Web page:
PlayerUnknown’s Battlegrounds is no more in China, as the suspiciously-similar Game for Peace has taken its place as the premiere battle royale shooter from Tencent. New content rules for games from the governments have effectively rendered it impossible for the original PUBG to legally exist as a game under the rules; as a result, Tencent has proverbially filed off the serial numbers and replaced the game with a title more palatable to the government’s censorship demands.
At its surface, Game for Peace looks like a different game. Backed by the Chinese airforce, the mobile title has cadres of brave soldiers taking on terrorists. The removal of corpses and blood along with the positive military theme has garnered government approval, allowing Tencent to monetize Game for Peace in China as of April 2019. While this is certainly good news for Tencent stockholders — shares jumped 2% after the announcement — it’s nonetheless a strikingly similar game to its predecessor.
“It’s almost exactly the same,” said IHS Markit games analyst Cui Chenyu. “The [gameplay], the background, the graphic design[,] and the characters, they’re almost the same.” She stated that user reviews of the app indicate that it’s very similar to PlayerUnknown’s Battlegrounds. This shouldn’t be much of a surprise considering that it was created by South Korean developer Krafton, the company formerly known as Bluehole that was involved with the development of the original PUBG.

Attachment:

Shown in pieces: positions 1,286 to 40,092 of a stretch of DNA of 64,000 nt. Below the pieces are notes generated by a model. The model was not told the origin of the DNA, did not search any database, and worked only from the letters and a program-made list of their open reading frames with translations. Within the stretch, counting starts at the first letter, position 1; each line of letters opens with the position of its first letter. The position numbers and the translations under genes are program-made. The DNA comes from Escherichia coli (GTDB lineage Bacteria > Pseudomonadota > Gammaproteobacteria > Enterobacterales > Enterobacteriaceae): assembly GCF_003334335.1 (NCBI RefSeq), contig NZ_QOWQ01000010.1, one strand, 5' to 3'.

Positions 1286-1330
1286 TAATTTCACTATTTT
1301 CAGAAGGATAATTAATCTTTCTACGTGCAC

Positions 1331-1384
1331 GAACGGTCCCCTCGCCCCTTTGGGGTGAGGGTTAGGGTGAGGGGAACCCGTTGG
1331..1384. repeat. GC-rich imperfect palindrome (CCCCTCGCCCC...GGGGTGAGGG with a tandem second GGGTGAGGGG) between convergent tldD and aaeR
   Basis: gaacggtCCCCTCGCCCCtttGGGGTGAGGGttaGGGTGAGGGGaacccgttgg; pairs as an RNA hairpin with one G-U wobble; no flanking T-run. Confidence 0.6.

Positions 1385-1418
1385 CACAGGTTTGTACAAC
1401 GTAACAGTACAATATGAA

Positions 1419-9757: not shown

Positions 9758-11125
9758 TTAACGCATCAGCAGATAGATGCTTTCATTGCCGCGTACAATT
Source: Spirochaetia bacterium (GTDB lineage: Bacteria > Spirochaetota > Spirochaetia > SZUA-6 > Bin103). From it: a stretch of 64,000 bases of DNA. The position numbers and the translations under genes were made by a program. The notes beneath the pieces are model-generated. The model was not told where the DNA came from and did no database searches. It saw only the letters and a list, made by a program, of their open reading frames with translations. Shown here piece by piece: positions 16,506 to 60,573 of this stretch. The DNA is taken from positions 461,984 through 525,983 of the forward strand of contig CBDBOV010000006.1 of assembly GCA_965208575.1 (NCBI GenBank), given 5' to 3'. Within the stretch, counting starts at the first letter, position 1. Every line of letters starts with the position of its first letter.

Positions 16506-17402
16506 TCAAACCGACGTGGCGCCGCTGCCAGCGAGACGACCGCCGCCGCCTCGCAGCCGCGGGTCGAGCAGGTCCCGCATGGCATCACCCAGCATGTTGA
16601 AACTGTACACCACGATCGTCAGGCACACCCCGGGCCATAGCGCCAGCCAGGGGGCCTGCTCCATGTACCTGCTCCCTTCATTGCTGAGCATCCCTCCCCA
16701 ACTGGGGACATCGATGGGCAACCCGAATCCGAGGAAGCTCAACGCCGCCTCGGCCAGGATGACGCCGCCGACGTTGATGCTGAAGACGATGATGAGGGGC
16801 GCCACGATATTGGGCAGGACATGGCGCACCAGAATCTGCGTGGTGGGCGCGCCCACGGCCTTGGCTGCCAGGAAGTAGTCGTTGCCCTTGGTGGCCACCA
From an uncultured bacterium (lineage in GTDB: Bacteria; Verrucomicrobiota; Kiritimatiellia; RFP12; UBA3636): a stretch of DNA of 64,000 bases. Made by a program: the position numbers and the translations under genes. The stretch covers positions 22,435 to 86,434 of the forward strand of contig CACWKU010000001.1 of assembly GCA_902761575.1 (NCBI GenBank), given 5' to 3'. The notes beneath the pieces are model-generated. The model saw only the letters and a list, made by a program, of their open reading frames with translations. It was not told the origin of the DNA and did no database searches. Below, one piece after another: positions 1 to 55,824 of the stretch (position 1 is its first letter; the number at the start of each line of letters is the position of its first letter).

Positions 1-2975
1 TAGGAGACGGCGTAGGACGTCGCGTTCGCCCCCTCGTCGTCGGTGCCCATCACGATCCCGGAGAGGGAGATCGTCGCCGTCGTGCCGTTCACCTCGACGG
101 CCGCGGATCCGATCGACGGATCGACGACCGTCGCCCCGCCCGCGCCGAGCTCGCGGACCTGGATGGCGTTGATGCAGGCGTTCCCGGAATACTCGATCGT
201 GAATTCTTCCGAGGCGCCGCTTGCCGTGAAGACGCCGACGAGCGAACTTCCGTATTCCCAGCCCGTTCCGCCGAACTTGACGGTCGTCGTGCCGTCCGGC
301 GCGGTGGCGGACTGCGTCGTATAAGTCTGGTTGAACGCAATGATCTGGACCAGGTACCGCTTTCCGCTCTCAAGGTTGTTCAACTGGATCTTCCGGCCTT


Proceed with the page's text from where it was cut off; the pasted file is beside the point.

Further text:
Tencent, conversely, told Reuters that Game for Peace and PlayerUnknown’s Battlegrounds are “very different genres of games.”
The similarity of the two titles was further emphasized when former PUBG players installed the app and found that their progress from the original game had automatically transferred over to the new title.
The changes to accommodate Chinese content censorship demands have also had the unintended consequence of being absolutely hilarious. “I’m going to die of laughter,” said one Weibo user speaking about the title. “When you shoot people, they don’t bleed, and the dead get up and wave goodbye!”
Ultimately, Game for Peace may just be a band-aid to allow Tencent to generate revenue in China. A spokesman for Krafton says that the company is looking into PUBG’s status in the country but otherwise declined to comment further.